Ed Rollins, Mike Huckabee, me and Gena
As I write this, my wife, Gena, and I are on the road in New Hampshire with GOP presidential candidate Mike Huckabee and his wife, Janet. We’ve traveled around visiting more great Americans from Boscawen to Tilton, Berlin, Littleton and Londonderry, experiencing just how large the Huck-a-boom is mushrooming.
Joining us for part of the trip was Mike’s new national campaign chairman Ed Rollins, who masterminded President Ronald Regan’s landslide victory in 1984. Ed has likened Mike in lots of ways to “the Gipper,” saying “I was with the old Reagan, and I can promise you this man comes as close as anyone to filling those shoes.”
Huckabee and me on the campaign trail
I met Reagan as well. Mike and he do share a lot in common, not only in their platforms but their personalities. They both exhibit amazing charisma, leadership skills, a deep love for this country and unwavering faiths in God, for which our liberal media loves to attempt to discredit them.
One of those jointed and jeered inquiries that caught my attention is how they can reconcile being men of faith and men for war?
I’m not a scholar, but I’ve been talking to a few friends and mentors who are, and I believe they have given me some answers that can shed some further light this Christmas on that question and even the Savior of mankind.
Is Jesus more like Gandhi or Genghis?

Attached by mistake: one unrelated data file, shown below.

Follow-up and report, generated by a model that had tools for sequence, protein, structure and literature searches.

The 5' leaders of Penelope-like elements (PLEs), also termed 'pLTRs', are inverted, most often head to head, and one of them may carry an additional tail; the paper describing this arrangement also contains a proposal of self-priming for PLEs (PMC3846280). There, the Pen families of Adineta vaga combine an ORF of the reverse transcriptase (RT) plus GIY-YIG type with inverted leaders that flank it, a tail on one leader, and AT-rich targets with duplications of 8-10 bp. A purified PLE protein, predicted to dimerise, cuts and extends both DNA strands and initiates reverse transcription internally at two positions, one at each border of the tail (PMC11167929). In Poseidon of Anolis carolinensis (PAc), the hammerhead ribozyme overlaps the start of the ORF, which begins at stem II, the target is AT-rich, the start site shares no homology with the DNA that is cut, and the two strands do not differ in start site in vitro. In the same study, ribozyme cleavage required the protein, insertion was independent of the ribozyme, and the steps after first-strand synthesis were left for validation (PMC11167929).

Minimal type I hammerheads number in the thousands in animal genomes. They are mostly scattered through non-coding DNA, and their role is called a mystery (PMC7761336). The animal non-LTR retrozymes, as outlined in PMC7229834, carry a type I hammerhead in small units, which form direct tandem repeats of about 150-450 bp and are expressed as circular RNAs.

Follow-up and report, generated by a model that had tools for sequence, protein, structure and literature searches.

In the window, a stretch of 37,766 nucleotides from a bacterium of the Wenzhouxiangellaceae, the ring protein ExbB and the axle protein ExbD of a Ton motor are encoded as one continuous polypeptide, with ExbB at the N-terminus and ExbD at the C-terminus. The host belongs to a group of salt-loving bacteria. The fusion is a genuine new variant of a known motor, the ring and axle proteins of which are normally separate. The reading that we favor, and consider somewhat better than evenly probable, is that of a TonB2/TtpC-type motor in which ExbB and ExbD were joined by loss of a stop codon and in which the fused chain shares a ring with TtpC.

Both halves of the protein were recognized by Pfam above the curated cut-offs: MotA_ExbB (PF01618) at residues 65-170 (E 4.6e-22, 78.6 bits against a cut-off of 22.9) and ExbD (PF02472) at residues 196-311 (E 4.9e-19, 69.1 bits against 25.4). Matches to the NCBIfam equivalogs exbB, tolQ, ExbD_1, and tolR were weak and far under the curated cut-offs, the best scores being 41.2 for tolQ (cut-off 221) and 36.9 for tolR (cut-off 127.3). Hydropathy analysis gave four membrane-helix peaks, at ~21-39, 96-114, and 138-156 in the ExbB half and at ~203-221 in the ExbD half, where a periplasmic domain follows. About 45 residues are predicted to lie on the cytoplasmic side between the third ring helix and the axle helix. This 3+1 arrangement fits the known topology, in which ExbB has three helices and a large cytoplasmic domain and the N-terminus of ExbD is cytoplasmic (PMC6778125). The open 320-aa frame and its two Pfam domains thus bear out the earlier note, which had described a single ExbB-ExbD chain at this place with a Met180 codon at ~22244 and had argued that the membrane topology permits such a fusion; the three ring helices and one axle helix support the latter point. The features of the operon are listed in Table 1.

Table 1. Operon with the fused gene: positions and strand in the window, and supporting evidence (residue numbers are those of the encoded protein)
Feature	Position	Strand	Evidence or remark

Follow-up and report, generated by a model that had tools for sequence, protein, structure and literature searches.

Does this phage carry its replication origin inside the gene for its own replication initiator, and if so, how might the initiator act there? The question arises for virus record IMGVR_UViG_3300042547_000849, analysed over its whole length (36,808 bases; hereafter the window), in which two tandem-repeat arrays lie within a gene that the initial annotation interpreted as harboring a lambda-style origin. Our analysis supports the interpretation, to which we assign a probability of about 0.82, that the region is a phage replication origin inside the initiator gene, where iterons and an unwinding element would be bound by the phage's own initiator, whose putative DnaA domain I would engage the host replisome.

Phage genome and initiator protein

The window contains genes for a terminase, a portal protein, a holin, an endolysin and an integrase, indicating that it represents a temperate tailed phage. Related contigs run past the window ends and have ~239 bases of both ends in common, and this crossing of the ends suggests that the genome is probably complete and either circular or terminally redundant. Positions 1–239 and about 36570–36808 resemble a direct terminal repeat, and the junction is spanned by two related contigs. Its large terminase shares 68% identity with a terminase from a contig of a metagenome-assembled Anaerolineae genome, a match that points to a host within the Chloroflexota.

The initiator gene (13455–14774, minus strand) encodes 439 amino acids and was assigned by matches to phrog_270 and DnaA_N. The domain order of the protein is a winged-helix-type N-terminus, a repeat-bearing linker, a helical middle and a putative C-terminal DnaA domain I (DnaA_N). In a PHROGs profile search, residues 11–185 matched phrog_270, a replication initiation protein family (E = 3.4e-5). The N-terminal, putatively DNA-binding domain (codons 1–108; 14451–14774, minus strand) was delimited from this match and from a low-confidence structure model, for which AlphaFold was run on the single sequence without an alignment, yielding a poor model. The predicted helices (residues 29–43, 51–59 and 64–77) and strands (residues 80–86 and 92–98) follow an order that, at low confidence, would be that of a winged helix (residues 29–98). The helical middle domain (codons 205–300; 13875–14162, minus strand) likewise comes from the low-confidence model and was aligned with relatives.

In stereotypical fashion, when people think of Jesus and war, they either view him as a Gandhi-like pacifist or a Genghis-Khan-like crusader. Both pictures are errant. And they are often created by the polarized selections of scripture that are used to try to lean us in either extreme. The truth is, for all the passages on love and sacrifice, there are others on protection and defense.
Consider these few words of Jesus.
… let him who has no sword sell his robe and buy one.
The disciples said, “See, Lord, here are two swords.” “That is enough,” he replied.
Do not think that I came to bring peace on the earth; I did not come to bring peace, but a sword.
Far more thrusting are Jesus’ subtle and often overlooked four words at the end of this verse, “For if you believed Moses, you would believe Me; for he wrote of Me” (Moses is traditionally regarded as the author of the first five books of the Bible).
The implications of Jesus’ words are far-reaching, for in them he not only supports the rights to bear arms but aligns himself with the God of the Old Testament, who prepared people for battle by ordering, “Thus says the Lord, the God of Israel, ‘Every man of you put his sword upon his thigh, and go back and forth from gate to gate in the camp, and kill every man …'”
(Of course every dagger draper must also wrestle with his caution, “for all those who take up the sword shall perish by the sword”!)
No question that Jesus Christ has called us to love our neighbors as ourselves, turn our other cheek in sacrifice for another, and pray for our enemies. And so we should. However, he also realizes criminals and terrorists will confront us and calls us to defend and protect our families and borders too.